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Professor Murray

Trigonometric Substitutions

Slide Duration:Table of Contents

I. Advanced Integration Techniques

Integration by Parts

24m 52s

- Intro0:00
- Important Equation0:07
- Where It Comes From (Product Rule)0:20
- Why Use It?0:35
- Lecture Example 11:24
- Lecture Example 23:30
- Shortcut: Tabular Integration7:34
- Example7:52
- Lecture Example 310:00
- Mnemonic: LIATE14:44
- Ln, Inverse, Algebra, Trigonometry, e15:38
- Additional Example 4-1
- Additional Example 5-2

Integration of Trigonometric Functions

25m 30s

- Intro0:00
- Important Equation0:07
- Powers (Odd and Even)0:19
- What To Do1:03
- Lecture Example 11:37
- Lecture Example 23:12
- Half-Angle Formulas6:16
- Both Powers Even6:31
- Lecture Example 37:06
- Lecture Example 410:59
- Additional Example 5-1
- Additional Example 6-2

Trigonometric Substitutions

30m 9s

- Intro0:00
- Important Equations0:06
- How They Work0:35
- Example1:45
- Remember: du and dx2:50
- Lecture Example 13:43
- Lecture Example 210:01
- Lecture Example 312:04
- Additional Example 4-1
- Additional Example 5-2

Partial Fractions

41m 22s

- Intro0:00
- Overview0:07
- Why Use It?0:18
- Lecture Example 11:21
- Lecture Example 26:52
- Lecture Example 313:28
- Additional Example 4-1
- Additional Example 5-2

Integration Tables

20m

- Intro0:00
- Using Tables0:09
- Match Exactly0:32
- Lecture Example 11:16
- Lecture Example 25:28
- Lecture Example 38:51
- Additional Example 4-1
- Additional Example 5-2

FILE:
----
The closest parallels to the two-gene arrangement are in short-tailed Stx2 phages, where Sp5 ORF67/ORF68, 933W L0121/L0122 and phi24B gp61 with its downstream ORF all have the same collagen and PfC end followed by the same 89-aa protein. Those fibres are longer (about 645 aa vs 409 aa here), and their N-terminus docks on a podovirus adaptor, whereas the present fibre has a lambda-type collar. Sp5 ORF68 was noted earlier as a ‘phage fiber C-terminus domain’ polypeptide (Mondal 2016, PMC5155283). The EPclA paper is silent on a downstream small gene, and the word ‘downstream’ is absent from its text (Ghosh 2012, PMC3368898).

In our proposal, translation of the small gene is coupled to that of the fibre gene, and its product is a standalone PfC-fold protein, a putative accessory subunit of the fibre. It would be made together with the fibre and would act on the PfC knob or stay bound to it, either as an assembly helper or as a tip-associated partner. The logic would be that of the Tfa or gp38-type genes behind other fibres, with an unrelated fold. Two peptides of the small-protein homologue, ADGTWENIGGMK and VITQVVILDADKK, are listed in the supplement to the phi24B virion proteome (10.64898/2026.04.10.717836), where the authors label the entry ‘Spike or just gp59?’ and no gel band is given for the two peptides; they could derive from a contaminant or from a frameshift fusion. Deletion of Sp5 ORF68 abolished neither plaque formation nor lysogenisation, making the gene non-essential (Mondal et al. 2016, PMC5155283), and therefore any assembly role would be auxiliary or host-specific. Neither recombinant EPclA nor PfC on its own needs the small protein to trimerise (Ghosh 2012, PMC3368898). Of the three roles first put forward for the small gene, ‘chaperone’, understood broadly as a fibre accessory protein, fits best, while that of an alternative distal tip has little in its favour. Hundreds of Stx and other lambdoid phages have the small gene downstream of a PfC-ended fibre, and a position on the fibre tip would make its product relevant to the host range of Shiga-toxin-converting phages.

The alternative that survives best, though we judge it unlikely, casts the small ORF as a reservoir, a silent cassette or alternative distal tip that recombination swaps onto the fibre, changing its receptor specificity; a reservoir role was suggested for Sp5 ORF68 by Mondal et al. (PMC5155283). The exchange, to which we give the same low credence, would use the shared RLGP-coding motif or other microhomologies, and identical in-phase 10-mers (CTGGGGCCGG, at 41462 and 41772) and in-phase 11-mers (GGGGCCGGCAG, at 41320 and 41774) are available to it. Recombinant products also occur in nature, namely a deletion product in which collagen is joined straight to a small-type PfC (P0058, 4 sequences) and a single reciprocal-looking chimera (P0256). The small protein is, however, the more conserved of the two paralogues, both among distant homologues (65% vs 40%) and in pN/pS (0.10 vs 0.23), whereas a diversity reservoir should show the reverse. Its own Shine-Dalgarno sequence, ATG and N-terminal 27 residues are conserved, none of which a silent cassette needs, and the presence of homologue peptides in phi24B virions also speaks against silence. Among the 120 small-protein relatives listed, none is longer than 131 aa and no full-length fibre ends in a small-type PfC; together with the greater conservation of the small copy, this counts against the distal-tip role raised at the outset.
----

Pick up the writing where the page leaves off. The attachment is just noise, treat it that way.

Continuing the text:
Trapezoidal Rule, Midpoint Rule, Left/Right Endpoint Rule

22m 36s

- Intro0:00
- Trapezoidal Rule0:13
- Graphical Representation0:20
- How They Work1:08
- Formula1:47
- Why a Trapezoid?2:53
- Lecture Example 15:10
- Midpoint Rule8:23
- Why Midpoints?8:56
- Formula9:37
- Lecture Example 211:22
- Left/Right Endpoint Rule13:54
- Left Endpoint14:08
- Right Endpoint14:39
- Lecture Example 315:32
- Additional Example 4-1
- Additional Example 5-2

Simpson's Rule

21m 8s

- Intro0:00
- Important Equation0:03
- Estimating Area0:28
- Difference from Previous Methods0:50
- General Principle1:09
- Lecture Example 13:49
- Lecture Example 26:32
- Lecture Example 39:07
- Additional Example 4-1
- Additional Example 5-2

Improper Integration

44m 18s

- Intro0:00
- Horizontal and Vertical Asymptotes0:04
- Example: Horizontal0:16
- Formal Notation0:37
- Example: Vertical1:58
- Formal Notation2:29
- Lecture Example 15:01
- Lecture Example 27:41
- Lecture Example 311:32
- Lecture Example 415:49
- Formulas to Remember18:26
- Improper Integrals18:36
- Lecture Example 521:34
- Lecture Example 6 (Hidden Discontinuities)26:51
- Additional Example 7-1
- Additional Example 8-2

II. Applications of Integrals, part 2

Arclength

23m 20s

- Intro0:00
- Important Equation0:04
- Why It Works0:49
- Common Mistake1:21
- Lecture Example 12:14
- Lecture Example 26:26
- Lecture Example 310:49
- Additional Example 4-1
- Additional Example 5-2

Surface Area of Revolution

28m 53s

- Intro0:00
- Important Equation0:05
- Surface Area0:38
- Relation to Arclength1:11
- Lecture Example 11:46
- Lecture Example 24:29
- Lecture Example 39:34
- Additional Example 4-1
- Additional Example 5-2

Hydrostatic Pressure

24m 37s

- Intro0:00
- Important Equation0:09
- Main Idea0:12
- Different Forces0:45
- Weight Density Constant1:10
- Variables (Depth and Width)2:21
- Lecture Example 13:28
- Additional Example 2-1
- Additional Example 3-2

Center of Mass

25m 39s

- Intro0:00
- Important Equation0:07
- Main Idea0:25
- Centroid1:00
- Area1:28
- Lecture Example 11:44
- Lecture Example 26:13
- Lecture Example 310:04
- Additional Example 4-1
- Additional Example 5-2

III. Parametric Functions

Parametric Curves

22m 26s

- Intro0:00
- Important Equations0:05
- Slope of Tangent Line0:30
- Arc length1:03
- Lecture Example 11:40
- Lecture Example 24:23
- Lecture Example 38:38
- Additional Example 4-1